Later in 1979 it was obvious the embryo transfer process was absolutely essential for rapid breed improvement. A professional lab with perfectly safe squeeze confinement was necessary. Using the flaws and successes of previous years, Bob Jardine, a perfectionist welder was given a set of plans to weld a totally safe side squeeze for valuable horned cows. It was designed wide in front for big horns, smooth horizontal pipes and cattle flowed into it from a series of alleys and confinement gates. It worked perfect for over 2000 embryo transfer pregnancies from 1979 to 1984. Never was a cow injured, no horns tipped or broken. Cows stood on dirt which, we learned helped them be more casual.


This is the first state of the art side squeeze for valuable horned cattle.

When the system became so safe, and great results were achieved, the top cows were sent from all over to the Colorado facility for flushing. This was the first side squeeze designed for horned cattle, without a head gate. The largest embryo facility in the nation was Rio Vista International at San Antonio. When they lost nearly all their donors to the Colorado program, Rio Vista sent Tom Risinger to Colorado to sniff the tires at Dickinson Cattle Co. (DCCI) He measured the side squeeze, snapped a few photos and was off for San Antonio. Within a month they announced they were prepared to safely flush horned cattle. Several others have designed variations of our first side squeeze, some making life time businesses of producing chutes copying our original design.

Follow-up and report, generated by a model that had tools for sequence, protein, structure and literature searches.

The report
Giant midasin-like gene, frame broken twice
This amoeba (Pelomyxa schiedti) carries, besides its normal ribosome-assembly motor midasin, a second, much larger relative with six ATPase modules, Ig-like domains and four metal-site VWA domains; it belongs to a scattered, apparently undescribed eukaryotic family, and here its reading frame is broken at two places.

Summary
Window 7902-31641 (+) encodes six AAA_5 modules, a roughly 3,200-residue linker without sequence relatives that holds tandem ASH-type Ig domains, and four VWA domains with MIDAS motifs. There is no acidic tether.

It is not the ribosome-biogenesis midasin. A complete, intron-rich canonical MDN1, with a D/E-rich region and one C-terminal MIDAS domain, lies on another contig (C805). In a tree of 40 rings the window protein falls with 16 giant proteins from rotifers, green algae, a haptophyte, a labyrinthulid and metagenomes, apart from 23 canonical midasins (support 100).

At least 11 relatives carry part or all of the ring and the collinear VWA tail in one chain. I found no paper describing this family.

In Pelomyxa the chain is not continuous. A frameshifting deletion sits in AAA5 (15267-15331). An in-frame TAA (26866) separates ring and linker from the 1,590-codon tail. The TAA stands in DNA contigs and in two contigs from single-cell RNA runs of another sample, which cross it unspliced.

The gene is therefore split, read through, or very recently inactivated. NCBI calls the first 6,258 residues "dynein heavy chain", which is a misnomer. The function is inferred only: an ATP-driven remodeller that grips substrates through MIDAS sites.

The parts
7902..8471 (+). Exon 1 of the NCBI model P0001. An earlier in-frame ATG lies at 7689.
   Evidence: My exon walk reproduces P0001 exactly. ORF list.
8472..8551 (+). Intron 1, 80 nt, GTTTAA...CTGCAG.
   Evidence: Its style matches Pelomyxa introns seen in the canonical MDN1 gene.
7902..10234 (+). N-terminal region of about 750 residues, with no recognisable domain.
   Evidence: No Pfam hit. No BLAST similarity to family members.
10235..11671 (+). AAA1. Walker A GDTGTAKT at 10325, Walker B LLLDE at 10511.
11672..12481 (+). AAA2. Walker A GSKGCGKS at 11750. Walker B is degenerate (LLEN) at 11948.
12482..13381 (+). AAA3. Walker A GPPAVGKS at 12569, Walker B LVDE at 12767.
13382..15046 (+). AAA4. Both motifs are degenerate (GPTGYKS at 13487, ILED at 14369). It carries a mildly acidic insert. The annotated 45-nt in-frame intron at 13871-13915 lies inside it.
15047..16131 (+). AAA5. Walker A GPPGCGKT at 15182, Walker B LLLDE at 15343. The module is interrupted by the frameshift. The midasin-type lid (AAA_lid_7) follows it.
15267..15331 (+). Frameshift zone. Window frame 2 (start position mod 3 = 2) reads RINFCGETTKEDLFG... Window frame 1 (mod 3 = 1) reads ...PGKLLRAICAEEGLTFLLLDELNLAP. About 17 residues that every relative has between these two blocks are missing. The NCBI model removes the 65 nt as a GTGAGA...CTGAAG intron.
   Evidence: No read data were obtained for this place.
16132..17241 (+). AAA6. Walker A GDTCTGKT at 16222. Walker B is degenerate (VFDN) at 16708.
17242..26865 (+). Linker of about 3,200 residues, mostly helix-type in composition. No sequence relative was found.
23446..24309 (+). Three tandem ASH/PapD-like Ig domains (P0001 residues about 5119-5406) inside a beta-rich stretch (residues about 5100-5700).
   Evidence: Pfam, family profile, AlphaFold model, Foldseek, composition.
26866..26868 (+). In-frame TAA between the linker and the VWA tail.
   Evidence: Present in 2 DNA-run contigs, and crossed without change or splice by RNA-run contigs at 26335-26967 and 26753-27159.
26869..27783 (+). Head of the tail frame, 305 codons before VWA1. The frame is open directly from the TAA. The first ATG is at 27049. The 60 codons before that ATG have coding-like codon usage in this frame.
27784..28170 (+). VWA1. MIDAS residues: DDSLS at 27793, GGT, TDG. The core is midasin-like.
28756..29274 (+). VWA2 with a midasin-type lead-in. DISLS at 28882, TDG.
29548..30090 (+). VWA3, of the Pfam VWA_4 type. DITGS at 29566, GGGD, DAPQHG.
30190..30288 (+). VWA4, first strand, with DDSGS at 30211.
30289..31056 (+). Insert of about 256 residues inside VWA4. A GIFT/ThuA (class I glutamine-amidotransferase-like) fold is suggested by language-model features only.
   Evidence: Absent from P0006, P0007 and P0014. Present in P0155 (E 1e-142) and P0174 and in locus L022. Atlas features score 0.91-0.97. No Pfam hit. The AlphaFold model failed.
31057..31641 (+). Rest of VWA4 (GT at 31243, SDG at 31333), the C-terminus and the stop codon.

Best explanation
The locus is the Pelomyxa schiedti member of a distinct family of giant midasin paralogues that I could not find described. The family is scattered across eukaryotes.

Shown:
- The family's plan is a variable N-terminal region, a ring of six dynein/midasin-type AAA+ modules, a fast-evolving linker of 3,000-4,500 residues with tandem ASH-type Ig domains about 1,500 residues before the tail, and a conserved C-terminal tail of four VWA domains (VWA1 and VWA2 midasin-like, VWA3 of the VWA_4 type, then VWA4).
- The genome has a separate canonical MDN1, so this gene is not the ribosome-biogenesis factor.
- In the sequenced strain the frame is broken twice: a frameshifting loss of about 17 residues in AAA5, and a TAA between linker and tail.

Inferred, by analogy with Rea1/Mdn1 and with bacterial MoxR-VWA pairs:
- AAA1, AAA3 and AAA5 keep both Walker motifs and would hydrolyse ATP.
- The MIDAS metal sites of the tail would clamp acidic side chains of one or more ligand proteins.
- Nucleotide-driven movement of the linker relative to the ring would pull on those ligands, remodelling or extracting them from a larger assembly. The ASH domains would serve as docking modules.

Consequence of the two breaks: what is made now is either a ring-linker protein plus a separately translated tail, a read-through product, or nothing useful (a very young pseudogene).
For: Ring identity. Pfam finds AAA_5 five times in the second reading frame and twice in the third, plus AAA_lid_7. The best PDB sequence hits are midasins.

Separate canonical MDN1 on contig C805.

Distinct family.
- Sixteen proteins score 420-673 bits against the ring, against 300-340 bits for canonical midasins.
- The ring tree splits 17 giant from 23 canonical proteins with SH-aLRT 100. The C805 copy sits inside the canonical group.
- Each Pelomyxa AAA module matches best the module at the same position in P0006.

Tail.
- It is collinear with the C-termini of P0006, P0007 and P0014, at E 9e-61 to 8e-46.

After the Colorado embryo flush squeeze others were made by DCCI with slight variations. The widened front end was eliminated and pipe spaces were widened at the top to allow horn space. As the Texas Longhorn business flourished several chutes were marketed, bigger and bigger, often more costly. They were designed so heavy, and large, the cost of shipping to buyers has become prohibitive. The Powder River Classic is no longer manufactured.